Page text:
The iPhone 6 not only has larger pixels, but an advantage in terms of aperture. All you really have to understand from that is that it should produce better low light images with less noise than what the iPad Air 2 can produce. While I did find this to be true, the iPad Air 2 still did an acceptable job. However, the darker it got, the more the iPad Air 2 struggled and the more drastic the difference became. If you click to enlarge the Halloween ghosts, you can clearly see that the iPad Air 2 produced a lot more noise than the iPhone 6.

It's worth noting here that the iPhone 6 Plus would most likely create an even bigger gap in performance since it has true optical image stabilization, or OIS, that allows the shutter to stay open for longer without motion blur. This means it can achieve brighter images than the iPhone 6 without coming at the expense of extra noise by bumping the ISO. Just something to keep in mind.

Winner: iPhone 6

EXIF data for Halloween ghost image:

iPad Air 2 iPhone 6
Shutter Speed 1/15 1/15
ISO 800 800
Aperture 2.4 2.2
Focal Length 3.3mm 4.15mm

iPad Air 2 vs iPhone 6: Zoom

From left to right: iPad Air 2, iPhone 6

I've never been a huge fan of digital zoom in any camera and prefer to simply take a photo and then crop. However, I understand that sometimes there may be a need. While I don't find the iPhone 6 or the iPad Air 2 to be particularly great with digital zoom, they both produced similar results in most of my tests. Again, you can see in some of the samples that the iPad Air 2 again produces cooler images than the iPhone 6, which is very apparent in the photo of the Michael Kors sign.

Winner: Tie

EXIF data from Michael Kors sign image:

iPad Air 2 iPhone 6
Shutter Speed 1/322 1/370
ISO 25 32
Aperture 2.4 2.2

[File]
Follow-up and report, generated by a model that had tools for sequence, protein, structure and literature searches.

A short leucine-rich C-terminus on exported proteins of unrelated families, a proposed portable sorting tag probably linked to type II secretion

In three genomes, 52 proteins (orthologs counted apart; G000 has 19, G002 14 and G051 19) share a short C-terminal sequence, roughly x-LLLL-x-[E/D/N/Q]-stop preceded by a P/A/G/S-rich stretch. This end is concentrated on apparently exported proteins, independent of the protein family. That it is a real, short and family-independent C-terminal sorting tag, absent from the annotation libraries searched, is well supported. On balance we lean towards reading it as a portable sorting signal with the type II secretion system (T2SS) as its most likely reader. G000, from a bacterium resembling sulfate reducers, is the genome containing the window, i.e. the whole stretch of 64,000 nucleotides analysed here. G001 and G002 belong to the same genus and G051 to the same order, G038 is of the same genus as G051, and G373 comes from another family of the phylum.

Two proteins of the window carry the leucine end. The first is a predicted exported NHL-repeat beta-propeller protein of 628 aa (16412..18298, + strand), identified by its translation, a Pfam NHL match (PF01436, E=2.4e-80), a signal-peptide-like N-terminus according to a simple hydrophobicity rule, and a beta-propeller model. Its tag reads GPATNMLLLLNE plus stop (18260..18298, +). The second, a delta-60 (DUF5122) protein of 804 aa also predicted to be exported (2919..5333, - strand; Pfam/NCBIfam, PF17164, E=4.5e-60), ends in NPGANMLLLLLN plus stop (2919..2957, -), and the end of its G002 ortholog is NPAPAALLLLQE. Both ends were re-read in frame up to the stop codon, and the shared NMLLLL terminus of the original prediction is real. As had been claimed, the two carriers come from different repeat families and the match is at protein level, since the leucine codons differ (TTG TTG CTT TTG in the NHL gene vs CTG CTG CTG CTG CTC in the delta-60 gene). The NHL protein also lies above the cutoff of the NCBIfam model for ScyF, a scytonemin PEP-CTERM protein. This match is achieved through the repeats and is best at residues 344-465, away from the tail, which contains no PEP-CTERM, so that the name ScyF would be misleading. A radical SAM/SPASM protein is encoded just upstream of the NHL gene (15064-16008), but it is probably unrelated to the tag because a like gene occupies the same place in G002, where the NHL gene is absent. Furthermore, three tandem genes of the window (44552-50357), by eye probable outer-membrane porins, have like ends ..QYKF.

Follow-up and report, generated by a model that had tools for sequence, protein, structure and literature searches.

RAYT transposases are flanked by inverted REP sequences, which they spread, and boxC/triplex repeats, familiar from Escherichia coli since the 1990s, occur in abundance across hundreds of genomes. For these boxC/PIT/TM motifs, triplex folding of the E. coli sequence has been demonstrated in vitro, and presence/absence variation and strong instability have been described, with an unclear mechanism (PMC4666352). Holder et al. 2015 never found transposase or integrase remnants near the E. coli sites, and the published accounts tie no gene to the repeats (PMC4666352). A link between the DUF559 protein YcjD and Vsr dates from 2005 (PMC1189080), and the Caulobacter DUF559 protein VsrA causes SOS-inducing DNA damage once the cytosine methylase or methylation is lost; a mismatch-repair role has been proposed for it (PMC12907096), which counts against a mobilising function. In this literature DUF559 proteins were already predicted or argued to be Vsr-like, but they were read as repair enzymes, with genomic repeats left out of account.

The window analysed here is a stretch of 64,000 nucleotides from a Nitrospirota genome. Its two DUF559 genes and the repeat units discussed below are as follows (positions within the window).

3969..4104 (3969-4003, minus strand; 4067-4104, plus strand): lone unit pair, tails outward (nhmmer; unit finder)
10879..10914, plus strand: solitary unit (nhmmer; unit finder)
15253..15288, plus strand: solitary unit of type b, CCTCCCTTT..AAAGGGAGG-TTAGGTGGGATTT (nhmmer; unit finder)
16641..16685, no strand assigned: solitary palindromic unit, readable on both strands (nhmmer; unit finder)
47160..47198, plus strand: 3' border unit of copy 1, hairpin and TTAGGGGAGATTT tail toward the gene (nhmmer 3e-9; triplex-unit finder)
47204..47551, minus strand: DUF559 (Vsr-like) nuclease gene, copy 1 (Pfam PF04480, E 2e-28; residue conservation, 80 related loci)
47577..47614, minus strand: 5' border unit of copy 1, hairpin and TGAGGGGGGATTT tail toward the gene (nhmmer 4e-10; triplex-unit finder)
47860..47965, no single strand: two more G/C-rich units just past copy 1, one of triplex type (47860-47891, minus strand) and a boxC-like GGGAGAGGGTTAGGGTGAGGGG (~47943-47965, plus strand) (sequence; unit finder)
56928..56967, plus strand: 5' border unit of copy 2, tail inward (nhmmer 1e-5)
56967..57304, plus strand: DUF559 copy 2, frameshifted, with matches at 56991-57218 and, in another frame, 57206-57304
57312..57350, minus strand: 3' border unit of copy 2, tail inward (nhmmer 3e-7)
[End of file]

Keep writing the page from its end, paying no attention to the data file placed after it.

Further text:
Focal Length 3.3mm 4.15mm

iPad Air 2 vs iPhone 6: Selfies!

From left to right: iPad Air 2, iPhone 6

Both the iPad Air 2 and iPhone 6 have improved front facing FaceTime cameras. Unfortunately they're still stuck at 1.2MP but at least feature an updated 2.2 aperture which should help let more light in. I've found this to be the case when it comes to FaceTime video, which seems to not be as dark on both devices. However, image quality is about the same across the board in most instances. In low light, the iPhone 6 did better on the first photo sample you see above, but other than that, the rest came out so similar I'd probably write it off as a fluke. When checking EXIF data, it seems both cameras chose the exact same settings 99.9% of the time, which leads me to believe, they're exactly the same camera. But for anyone whose interested, there's EXIF data for one of them below.

Winner: Tie

EXIF data from second selfie sample:

iPad Air 2 iPhone 6
Shutter Speed 1/15 1/15
ISO 640 640
Aperture 2.2 2.2
Focal Length 2.65mm 2.65

iPad Air 2 vs iPhone 6: Panoramas

From bottom to top: iPad Air 2, iPhone 6

In almost all my camera shootouts against other non-Apple devices, I've always found that the Apple device does better on panoramas, particularly if there is bright light or a wide range of colors involved. I remain convinced a lot of this is attributed to the software behind the camera rather than the optics itself. As you can see in the above images, even though the cameras themselves are slightly different, they both produced stellar panoramas. This leads me to believe that my theory is correct. Whatever magic Apple does behind panoramas extends to the iPad Air 2 as well. No matter what the conditions are, you will almost always come away with a great image.

Winner: Tie

EXIF data from beach and dune grass image:

iPad Air 2 iPhone 6
Shutter Speed 1/1,894 1/3,049
ISO 25 32
Aperture 2.4 2.2
Focal Length 3.3mm 4.15mm

iPad Air 2 vs iPhone 6: The bottom line

Going into this camera comparison, I pretty much had my mind made up that the iPhone 6 would out perform the iPad Air 2 in almost every area. As it turns out, I was wrong. iPad photographers can finally rejoice as you truly do have something great in your hands. Not only can it keep pace with the iPhone 6 in almost every area, some folks may prefer the images it produces if you favor cooler tones. That being said, those that prefer warmer tones will most likely find the iPhone 6 images to be more to their liking.

These small disparities aside, the only area where the iPhone 6 handled noticeably better was in low light situations and when achieving a shallow depth of field. Both of these are due to the larger ƒ/2.2 aperture. The iPhone 6 also has a 1/3" sensor which I'm pretty sure is larger than whatever Apple has used in the iPad Air 2. I can't find any official information on that but considering I can fit more in the frame when taking a photo with my iPhone 6 than I can with the iPad Air 2, logic would dictate the iPhone 6's sensor is slightly larger or the lens system is slightly different, or a combination of both.

Aside from that, both devices take stellar images that you'll be happy with for a long time to come.